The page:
A cell phone, e-mail and a work portfolio have one thing in common:
all may be distractions.
The distraction of a portfolio is particularly felt at an interview.
That's the message we deliver to junior and mid-level professionals at
conferences and seminars.
Indeed, the executives we work for often discuss the challenge of moving
beyond the portfolio when they interview junior professionals. Senior
executives are well aware of the downside of portfolios.
The portfolio shifts the focus to clips, annual reports and myriad
material things, limiting substantive conversation. As a result,
exciting areas of promise that may make or break the candidate may be
The portfolio also has another drawback in the first interview. It often
forces participants, once sidetracked, to go deeper into the
'show-and-tells.' The conversation dwells on the person's history, but
tells virtually nothing about aspirations, or the ability to answer
forward-looking questions and think on one's feet. The portfolio may
produce some interesting war stories, but so what?
The portfolio also presents another issue: what you see isn't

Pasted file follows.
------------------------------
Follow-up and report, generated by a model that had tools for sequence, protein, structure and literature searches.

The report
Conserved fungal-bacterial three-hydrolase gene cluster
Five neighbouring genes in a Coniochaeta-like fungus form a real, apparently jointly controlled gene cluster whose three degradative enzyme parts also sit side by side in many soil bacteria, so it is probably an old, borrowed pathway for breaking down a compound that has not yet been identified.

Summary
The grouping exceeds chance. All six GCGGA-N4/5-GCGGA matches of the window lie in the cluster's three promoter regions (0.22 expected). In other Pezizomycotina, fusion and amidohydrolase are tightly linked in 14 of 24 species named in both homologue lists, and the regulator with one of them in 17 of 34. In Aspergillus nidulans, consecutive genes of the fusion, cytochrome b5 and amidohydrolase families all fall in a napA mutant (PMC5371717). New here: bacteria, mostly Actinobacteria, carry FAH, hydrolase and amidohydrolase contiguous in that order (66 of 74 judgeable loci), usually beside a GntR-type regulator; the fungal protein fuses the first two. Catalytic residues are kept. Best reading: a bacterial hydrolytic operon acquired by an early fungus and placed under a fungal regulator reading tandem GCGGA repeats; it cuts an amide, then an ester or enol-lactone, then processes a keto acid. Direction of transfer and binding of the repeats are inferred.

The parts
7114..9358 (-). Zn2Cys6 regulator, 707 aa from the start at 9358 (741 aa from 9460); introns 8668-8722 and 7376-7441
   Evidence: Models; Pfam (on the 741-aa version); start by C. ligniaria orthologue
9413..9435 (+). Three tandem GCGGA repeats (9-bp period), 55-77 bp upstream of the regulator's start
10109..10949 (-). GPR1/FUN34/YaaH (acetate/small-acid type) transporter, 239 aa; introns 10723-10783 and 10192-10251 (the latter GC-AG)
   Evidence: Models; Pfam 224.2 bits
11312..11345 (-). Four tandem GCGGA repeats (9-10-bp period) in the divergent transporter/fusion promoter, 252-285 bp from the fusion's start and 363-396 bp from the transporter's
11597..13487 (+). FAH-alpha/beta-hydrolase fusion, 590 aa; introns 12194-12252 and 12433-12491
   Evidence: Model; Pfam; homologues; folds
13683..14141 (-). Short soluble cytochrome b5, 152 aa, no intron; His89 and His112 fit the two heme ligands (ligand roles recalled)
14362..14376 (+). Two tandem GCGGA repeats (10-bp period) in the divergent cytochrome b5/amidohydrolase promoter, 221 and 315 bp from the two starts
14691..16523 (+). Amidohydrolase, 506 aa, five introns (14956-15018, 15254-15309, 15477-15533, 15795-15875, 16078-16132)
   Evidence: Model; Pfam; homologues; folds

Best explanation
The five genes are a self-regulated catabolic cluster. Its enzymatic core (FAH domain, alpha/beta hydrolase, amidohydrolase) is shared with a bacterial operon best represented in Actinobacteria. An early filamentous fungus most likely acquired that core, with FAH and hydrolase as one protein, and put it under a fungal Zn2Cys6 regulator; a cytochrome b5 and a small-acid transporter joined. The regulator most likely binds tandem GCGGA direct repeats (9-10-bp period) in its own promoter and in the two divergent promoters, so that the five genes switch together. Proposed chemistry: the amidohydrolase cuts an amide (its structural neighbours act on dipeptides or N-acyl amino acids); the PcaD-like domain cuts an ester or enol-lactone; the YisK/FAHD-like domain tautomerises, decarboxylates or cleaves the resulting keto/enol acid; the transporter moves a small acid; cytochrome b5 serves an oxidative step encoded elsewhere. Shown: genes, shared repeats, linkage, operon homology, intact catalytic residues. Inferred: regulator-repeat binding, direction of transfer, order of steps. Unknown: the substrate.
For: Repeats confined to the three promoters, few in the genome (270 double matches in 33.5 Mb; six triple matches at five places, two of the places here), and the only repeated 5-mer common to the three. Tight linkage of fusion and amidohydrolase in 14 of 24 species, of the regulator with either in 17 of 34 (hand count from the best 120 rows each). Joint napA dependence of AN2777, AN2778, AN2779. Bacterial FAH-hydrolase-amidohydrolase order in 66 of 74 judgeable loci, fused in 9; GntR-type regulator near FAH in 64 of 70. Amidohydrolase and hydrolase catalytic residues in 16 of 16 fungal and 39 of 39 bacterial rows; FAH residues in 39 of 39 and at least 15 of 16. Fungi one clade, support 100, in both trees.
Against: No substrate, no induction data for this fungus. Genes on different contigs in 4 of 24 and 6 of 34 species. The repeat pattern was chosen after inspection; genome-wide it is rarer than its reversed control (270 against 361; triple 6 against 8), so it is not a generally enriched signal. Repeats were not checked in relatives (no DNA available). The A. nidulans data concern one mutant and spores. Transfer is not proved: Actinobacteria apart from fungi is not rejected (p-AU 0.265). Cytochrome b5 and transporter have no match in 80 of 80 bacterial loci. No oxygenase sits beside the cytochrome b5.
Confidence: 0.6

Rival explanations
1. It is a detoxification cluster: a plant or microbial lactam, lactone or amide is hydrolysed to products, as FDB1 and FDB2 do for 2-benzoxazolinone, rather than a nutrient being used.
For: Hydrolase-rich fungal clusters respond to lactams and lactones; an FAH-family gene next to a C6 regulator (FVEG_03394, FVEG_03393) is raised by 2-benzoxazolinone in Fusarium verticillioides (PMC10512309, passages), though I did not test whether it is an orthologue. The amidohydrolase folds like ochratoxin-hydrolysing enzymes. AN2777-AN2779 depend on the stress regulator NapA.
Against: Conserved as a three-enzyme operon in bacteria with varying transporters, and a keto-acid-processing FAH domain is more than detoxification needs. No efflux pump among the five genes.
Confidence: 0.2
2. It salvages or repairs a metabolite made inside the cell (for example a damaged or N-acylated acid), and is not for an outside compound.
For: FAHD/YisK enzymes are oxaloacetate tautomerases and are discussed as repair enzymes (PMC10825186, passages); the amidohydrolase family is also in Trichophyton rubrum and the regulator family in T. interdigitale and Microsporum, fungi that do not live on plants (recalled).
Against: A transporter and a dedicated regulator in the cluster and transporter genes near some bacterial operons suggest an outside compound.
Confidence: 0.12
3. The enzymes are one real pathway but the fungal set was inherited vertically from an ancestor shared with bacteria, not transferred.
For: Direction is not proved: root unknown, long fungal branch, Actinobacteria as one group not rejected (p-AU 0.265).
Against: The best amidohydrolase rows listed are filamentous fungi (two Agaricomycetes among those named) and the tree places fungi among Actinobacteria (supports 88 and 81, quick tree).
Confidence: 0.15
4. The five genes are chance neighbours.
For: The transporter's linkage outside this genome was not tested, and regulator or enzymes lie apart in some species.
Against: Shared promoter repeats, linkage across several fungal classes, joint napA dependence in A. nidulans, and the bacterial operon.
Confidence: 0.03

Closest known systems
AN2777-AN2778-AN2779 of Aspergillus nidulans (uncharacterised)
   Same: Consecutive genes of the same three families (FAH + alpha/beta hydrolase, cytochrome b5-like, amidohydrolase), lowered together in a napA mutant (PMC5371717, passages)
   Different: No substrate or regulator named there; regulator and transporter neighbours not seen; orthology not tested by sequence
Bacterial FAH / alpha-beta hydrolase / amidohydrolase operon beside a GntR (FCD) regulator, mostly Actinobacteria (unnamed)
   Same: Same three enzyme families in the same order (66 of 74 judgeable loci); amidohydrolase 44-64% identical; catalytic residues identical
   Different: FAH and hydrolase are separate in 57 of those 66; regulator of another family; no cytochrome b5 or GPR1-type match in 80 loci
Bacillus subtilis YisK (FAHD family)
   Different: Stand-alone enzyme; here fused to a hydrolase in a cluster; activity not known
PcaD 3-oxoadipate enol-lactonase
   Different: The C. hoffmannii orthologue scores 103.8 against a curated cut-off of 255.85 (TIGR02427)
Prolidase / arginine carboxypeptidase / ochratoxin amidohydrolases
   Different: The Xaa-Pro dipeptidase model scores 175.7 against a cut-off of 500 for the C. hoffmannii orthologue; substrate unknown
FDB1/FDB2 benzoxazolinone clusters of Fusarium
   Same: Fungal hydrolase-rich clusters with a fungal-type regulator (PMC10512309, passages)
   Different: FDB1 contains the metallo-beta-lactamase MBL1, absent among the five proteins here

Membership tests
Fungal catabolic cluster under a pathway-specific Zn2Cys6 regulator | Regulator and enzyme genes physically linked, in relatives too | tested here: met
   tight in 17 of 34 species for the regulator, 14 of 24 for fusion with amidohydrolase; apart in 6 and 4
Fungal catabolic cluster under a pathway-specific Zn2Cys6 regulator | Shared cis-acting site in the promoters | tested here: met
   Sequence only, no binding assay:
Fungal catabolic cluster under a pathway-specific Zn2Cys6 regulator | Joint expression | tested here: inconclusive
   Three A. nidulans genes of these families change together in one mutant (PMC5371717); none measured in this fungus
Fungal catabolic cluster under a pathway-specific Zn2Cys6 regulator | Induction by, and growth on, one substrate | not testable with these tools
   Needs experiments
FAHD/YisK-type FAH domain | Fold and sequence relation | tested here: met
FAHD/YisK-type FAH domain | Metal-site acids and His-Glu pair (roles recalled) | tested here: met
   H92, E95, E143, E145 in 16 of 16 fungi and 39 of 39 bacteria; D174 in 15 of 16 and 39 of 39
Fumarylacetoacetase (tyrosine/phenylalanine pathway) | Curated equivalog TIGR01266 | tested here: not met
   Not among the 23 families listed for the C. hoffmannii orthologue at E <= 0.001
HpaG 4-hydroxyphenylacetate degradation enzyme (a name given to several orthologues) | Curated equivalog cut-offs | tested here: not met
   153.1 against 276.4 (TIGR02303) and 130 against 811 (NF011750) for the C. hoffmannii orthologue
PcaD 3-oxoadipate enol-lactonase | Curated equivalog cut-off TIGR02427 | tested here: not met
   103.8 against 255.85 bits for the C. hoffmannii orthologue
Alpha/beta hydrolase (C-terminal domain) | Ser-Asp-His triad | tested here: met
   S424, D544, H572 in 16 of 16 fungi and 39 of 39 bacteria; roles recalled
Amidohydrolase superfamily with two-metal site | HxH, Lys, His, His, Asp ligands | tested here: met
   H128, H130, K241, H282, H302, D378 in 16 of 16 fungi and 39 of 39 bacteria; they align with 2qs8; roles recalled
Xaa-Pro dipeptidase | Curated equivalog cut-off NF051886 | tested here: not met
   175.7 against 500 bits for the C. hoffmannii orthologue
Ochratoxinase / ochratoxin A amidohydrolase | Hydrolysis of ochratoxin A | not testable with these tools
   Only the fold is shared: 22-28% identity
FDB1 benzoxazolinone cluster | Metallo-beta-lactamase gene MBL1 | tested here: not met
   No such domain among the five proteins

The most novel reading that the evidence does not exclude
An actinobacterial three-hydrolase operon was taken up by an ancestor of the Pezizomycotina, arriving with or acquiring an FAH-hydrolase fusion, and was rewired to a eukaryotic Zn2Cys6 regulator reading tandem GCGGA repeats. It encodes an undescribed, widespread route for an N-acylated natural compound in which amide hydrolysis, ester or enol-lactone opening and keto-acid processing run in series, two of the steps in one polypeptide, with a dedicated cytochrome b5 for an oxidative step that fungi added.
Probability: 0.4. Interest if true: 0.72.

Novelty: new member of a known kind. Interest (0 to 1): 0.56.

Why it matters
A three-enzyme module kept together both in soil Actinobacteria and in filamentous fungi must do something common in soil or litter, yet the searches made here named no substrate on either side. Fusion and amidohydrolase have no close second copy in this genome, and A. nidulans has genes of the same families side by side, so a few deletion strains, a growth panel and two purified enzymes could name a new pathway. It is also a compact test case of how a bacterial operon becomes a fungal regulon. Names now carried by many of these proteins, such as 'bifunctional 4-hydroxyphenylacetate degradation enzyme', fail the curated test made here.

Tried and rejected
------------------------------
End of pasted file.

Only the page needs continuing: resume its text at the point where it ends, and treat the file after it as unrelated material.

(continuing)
necessarily what you get. Whether it's a speech, an op-ed, or a
marketing brochure, the material in the portfolio has been edited -
slightly or extensively.
Finally, if you are more junior, you probably don't have much you can
show which really is all yours. And, if you are a mid-level
professional, what do the brochures emphasize? Do you want to be a
brochure writer or a strategic planner?
There are dangers, too. In one situation, an agency professional
included an item she said she had done recently. She was a little loose
in her wording: she actually had 're-done' it. The person she was
interviewing with had written the original. That interview ended
Yes, the portfolio sometimes serves as a conversation starter or bonding
experience. It can even serve up a surprise ('You've had experience in
writing about derivatives?'). But that's the exception rather than the
But, the portfolio can be important in the follow-up letter. It can be
greatly enhanced from 'it was good to meet you' to 'I've enclosed copies
of two brochures I prepared in support of the product launch that we
discussed. I'd be delighted to show you more along these lines ...'
That game plan almost always inspires a second interview, assuming the
first was satisfactory.
In short, the portfolio era is over.